There was dramatic news yesterday afternoon from Albany. State officials announced that they will formally reopen the unit management plan for the historic rail corridor that stretches through the Adirondacks from Old Forge to Lake Placid.

But the Cuomo administration also took a surprise step, proposing a concept that would effectively divide the corridor in half. The section from Old Forge to Tupper Lake would be maintained as a tourism railroad, with new investment from New York state.

The section from Tupper Lake to Lake Placid, however, would be converted into a multi-use rail-trail for hikers, skiers and snowmobile riders. Martha Foley and Brian Mann talked about the plan Thursday morning on the 8 O'clock Hour.  Go to full article
If the concept unveiled today by state officials is adopted, trains would no longer run to Saranac Lake's station (seen here) or to Lake Placid.  Train service might eventually be offered as far north as Tupper Lake.  Photo:  Susan Waters
If the concept unveiled today by state officials is adopted, trains would no longer run to Saranac Lake's station (seen here) or to Lake Placid. Train service might eventually be offered as far north as Tupper Lake. Photo: Susan Waters

State may convert section of Adirondack train route to rail-trail

State officials say they plan to reopen the planning process for the historic railroad track from Old Forge to Lake Placid.

In a statement released Wednesday afternoon, state Transportation and Environment commissioners also said they would consider converting a large segment of the historic train route to a "rail-to-trail" system.

If the proposal goes forward, tracks along the stretch from Tupper Lake to Lake Placid, via Saranac Lake, would be removed and replaced with a trail surface.

"In response to public interest, we are reopening the Unit Management Plan, providing new opportunities to engage local communities and support the regional economy as we plan for the corridor's future," said DOT Commissioner Joan McDonald in a statement.  Go to full article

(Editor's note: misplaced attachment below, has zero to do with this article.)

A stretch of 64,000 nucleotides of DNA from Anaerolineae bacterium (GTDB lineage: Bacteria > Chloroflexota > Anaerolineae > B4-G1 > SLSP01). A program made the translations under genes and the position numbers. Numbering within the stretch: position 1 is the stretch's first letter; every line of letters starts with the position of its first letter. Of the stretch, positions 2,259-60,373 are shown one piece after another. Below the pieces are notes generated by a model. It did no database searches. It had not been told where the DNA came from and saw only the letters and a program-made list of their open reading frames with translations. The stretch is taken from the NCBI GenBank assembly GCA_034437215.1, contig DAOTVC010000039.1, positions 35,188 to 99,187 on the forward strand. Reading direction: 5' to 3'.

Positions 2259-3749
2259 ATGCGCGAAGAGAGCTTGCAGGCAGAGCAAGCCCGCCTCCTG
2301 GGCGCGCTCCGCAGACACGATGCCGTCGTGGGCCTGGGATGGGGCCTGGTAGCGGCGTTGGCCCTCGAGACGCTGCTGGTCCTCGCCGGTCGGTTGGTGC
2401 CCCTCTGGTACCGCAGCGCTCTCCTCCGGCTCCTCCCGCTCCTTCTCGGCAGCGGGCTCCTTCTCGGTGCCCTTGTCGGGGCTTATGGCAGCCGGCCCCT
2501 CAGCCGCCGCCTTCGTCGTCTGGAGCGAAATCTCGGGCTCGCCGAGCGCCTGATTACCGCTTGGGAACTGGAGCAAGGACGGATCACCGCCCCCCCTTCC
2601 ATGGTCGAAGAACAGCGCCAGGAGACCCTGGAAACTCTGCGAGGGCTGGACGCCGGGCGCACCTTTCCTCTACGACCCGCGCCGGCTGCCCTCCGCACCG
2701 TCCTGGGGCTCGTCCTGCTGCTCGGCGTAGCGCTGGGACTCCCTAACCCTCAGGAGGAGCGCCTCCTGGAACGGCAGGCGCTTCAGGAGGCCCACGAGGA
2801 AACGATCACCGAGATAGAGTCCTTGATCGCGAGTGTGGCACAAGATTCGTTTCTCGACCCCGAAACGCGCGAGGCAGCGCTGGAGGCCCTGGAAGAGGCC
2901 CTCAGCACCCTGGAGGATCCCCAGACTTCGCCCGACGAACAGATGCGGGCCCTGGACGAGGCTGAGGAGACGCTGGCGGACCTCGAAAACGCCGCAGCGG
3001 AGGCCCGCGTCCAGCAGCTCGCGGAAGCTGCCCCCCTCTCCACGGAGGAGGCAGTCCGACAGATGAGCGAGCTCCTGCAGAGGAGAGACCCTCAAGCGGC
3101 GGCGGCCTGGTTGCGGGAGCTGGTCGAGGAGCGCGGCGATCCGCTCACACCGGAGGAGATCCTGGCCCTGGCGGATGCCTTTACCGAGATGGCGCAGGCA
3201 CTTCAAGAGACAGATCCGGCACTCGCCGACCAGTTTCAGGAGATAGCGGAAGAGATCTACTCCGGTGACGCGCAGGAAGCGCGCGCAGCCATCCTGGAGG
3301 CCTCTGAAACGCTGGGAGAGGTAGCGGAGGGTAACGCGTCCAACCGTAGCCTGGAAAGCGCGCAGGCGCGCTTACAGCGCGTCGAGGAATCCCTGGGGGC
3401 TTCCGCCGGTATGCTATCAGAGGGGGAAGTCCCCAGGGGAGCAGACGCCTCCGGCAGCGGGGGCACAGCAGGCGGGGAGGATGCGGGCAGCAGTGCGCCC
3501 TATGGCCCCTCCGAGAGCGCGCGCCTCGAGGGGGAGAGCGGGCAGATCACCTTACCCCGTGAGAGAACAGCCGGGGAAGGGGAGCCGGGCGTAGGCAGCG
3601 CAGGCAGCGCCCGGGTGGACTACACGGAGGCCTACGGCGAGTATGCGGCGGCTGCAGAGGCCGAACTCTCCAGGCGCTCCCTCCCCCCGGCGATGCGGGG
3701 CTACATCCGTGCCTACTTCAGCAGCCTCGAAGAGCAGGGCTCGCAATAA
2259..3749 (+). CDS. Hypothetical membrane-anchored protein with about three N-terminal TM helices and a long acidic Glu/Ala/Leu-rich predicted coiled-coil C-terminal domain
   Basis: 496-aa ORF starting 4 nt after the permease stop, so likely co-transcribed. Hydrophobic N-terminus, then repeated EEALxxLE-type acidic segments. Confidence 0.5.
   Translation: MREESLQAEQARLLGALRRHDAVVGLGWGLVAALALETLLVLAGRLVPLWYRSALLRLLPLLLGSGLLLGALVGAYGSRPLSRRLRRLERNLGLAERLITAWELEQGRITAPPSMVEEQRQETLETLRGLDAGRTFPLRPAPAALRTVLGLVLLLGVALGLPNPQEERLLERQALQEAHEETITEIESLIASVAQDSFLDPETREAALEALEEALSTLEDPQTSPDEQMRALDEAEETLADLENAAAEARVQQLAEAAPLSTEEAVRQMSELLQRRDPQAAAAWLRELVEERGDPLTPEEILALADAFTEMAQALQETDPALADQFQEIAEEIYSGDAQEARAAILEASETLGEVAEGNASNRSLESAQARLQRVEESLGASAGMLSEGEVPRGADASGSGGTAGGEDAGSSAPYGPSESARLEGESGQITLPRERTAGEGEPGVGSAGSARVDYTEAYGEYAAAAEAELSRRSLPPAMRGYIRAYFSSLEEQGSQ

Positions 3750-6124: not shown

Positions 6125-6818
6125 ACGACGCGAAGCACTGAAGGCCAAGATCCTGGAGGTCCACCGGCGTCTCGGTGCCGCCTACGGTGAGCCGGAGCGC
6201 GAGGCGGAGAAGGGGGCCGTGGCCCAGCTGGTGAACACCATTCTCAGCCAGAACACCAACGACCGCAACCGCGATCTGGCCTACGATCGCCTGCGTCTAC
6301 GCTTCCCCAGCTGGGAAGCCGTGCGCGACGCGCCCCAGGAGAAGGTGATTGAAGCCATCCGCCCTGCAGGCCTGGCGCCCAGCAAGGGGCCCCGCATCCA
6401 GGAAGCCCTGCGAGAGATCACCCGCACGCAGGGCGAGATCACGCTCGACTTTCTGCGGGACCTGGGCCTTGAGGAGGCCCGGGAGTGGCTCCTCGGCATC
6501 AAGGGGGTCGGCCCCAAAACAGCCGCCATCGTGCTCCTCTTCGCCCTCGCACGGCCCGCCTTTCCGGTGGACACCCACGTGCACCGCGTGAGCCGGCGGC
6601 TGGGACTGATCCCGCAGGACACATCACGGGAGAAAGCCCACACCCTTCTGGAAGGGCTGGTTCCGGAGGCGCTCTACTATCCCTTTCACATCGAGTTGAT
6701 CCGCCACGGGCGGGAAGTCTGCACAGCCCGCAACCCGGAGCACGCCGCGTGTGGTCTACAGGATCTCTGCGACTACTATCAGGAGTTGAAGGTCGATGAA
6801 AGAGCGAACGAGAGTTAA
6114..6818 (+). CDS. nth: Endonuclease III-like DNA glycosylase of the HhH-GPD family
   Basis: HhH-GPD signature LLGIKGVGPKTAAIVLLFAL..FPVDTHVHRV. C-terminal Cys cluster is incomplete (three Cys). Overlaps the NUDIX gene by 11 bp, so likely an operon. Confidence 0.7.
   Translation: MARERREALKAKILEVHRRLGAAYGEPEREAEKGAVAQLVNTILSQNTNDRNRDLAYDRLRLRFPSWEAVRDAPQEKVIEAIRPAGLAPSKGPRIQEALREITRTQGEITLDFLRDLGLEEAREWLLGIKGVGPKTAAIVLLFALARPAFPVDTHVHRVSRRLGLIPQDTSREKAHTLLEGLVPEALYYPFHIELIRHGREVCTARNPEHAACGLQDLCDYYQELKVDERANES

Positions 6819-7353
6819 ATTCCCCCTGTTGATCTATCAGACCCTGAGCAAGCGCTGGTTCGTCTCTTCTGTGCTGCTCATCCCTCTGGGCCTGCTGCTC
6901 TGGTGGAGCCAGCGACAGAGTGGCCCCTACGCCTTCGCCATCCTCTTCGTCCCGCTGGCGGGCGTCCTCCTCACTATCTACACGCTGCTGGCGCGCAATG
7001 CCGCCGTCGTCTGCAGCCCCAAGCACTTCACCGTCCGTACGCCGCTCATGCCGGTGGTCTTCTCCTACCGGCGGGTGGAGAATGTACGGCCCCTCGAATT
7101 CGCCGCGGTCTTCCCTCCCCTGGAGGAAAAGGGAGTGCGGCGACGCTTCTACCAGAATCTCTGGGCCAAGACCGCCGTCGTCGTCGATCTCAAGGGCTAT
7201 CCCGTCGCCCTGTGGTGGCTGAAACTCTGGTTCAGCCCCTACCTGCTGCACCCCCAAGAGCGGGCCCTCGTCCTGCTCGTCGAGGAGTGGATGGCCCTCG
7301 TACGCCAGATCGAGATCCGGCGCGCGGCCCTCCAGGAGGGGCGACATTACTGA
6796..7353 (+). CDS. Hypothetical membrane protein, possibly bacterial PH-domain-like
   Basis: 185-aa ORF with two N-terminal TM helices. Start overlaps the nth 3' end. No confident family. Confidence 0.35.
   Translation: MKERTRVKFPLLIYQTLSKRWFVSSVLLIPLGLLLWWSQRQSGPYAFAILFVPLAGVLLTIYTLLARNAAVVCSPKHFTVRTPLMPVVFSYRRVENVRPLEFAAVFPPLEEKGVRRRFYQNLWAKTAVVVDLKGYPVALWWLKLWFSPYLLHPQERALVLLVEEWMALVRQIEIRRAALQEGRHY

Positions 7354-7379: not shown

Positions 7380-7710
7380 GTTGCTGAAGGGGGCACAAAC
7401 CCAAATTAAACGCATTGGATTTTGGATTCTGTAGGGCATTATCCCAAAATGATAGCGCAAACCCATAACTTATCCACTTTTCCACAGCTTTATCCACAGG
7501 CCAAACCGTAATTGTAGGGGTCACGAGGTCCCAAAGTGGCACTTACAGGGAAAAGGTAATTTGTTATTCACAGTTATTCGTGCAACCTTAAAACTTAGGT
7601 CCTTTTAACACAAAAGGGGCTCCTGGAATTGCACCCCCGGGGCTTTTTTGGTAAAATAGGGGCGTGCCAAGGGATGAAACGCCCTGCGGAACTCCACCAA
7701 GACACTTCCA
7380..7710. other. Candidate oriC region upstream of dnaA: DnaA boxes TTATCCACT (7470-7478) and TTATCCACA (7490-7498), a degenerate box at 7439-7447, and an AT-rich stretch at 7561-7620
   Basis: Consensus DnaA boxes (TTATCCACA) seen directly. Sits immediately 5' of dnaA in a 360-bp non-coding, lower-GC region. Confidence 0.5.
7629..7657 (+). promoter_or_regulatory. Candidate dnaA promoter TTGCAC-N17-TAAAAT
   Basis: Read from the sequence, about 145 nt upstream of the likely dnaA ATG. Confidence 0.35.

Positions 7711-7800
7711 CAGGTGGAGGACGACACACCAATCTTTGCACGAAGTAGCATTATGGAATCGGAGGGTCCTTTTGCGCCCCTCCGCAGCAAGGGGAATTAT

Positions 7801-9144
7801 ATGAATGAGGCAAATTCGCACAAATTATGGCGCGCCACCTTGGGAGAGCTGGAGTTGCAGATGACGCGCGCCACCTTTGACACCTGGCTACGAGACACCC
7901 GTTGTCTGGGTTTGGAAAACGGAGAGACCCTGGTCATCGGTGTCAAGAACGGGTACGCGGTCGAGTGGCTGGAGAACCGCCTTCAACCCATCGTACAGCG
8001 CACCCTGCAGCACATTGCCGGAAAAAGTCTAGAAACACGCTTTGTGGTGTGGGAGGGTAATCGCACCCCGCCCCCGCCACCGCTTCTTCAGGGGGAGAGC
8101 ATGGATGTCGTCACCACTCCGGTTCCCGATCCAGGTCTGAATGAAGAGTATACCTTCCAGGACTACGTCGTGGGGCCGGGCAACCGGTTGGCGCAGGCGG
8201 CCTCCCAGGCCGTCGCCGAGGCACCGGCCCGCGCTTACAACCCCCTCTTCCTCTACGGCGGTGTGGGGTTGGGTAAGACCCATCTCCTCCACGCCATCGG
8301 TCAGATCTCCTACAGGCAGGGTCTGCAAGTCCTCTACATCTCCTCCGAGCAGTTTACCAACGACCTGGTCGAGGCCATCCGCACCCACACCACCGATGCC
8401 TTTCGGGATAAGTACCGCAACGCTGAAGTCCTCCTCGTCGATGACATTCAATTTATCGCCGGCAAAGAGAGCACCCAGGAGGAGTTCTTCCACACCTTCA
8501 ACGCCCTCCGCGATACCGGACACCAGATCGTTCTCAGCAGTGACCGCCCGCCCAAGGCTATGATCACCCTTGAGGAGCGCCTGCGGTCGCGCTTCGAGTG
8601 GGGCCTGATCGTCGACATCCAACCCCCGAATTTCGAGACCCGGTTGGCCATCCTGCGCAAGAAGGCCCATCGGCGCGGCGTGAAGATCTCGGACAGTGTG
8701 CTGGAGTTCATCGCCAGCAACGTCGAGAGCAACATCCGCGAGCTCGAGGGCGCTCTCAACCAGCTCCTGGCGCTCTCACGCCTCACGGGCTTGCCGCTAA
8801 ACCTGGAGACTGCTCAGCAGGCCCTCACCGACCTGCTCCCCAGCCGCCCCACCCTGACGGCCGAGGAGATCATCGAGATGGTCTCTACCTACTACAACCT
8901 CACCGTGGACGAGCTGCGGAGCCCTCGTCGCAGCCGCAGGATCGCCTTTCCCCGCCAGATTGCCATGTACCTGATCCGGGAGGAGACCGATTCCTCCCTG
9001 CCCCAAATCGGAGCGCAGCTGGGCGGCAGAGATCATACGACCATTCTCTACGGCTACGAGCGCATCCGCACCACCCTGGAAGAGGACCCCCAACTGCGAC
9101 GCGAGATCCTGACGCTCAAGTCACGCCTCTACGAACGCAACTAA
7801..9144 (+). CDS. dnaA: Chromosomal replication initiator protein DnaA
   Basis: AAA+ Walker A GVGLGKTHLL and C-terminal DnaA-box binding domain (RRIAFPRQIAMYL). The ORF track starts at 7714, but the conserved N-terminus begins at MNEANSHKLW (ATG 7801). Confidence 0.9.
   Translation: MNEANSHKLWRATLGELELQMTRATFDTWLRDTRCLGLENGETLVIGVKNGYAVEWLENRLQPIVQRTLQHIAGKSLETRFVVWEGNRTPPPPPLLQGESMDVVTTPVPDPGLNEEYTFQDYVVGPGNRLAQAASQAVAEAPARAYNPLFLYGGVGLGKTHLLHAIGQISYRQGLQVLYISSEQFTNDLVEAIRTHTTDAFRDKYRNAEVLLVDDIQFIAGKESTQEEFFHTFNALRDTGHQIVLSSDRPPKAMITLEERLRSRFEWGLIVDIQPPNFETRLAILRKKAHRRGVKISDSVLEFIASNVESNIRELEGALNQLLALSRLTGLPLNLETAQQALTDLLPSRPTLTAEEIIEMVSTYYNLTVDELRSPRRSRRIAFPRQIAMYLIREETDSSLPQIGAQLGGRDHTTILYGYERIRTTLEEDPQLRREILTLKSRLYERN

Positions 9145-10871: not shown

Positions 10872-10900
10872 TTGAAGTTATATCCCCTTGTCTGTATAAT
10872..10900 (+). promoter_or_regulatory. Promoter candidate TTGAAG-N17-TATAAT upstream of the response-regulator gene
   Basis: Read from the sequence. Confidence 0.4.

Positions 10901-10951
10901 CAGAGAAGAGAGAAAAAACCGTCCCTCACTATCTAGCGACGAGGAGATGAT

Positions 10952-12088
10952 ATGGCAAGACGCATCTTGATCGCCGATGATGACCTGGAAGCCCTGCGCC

Hudson rafting company troubles

The Glens Falls Post Star is reporting this morning that the brakes may have failed on a tubing company tour bus over the weekend, leading to the death of a 15-year-old boy.

According to the newspaper, the man driving the bus told authorities that the brakes failed as he tried to slow on a turn.  Go to full article
Andre LaFlamme, a paramedic in Lac-Megantic, remembers July 6 2013 as "hell."  He stands on a ceremonial boardwalk outside the destroyed area known as the "red zone."  Photo:  Monique Cornett
Andre LaFlamme, a paramedic in Lac-Megantic, remembers July 6 2013 as "hell." He stands on a ceremonial boardwalk outside the destroyed area known as the "red zone." Photo: Monique Cornett

One year later: sorrow, hope and hard work in Lac-Megantic

Early Sunday morning in a small town in eastern Quebec, thousands of local residents held a midnight vigil for the victims of one of North America's deadliest train accidents.

One year ago, an American-owned tanker train carrying crude oil from North Dakota derailed and erupted in Lac-Megantic. The flames incinerated the community's downtown. Forty-seven people died.  Go to full article
The bus owned by the Tubby Tubes Rafting company was carrying 31 customers and 3 employees.

Tourism bus crashes in Adirondacks, killing 15-year-old

State police say a bus accident Saturday afternoon in Lake Luzerne has left one 15-year-old dead and injured another. The accident took place just after midday.

The bus owned by the Tubby Tubes Rafting company was carrying 31 customers and 3 employees. They were traveling to make an excursion on the Hudson River.

According to police, the bus overturned, apparently because of mechanical problems.

"A fifteen year old river guide employed by Tubby Tubes was ejected from the bus and died at the scene," according to the State Police statement.

A customer who suffered an ankle injury was transported to Glens Falls Hospital. An investigation of the one-vehicle accident is underway.  Go to full article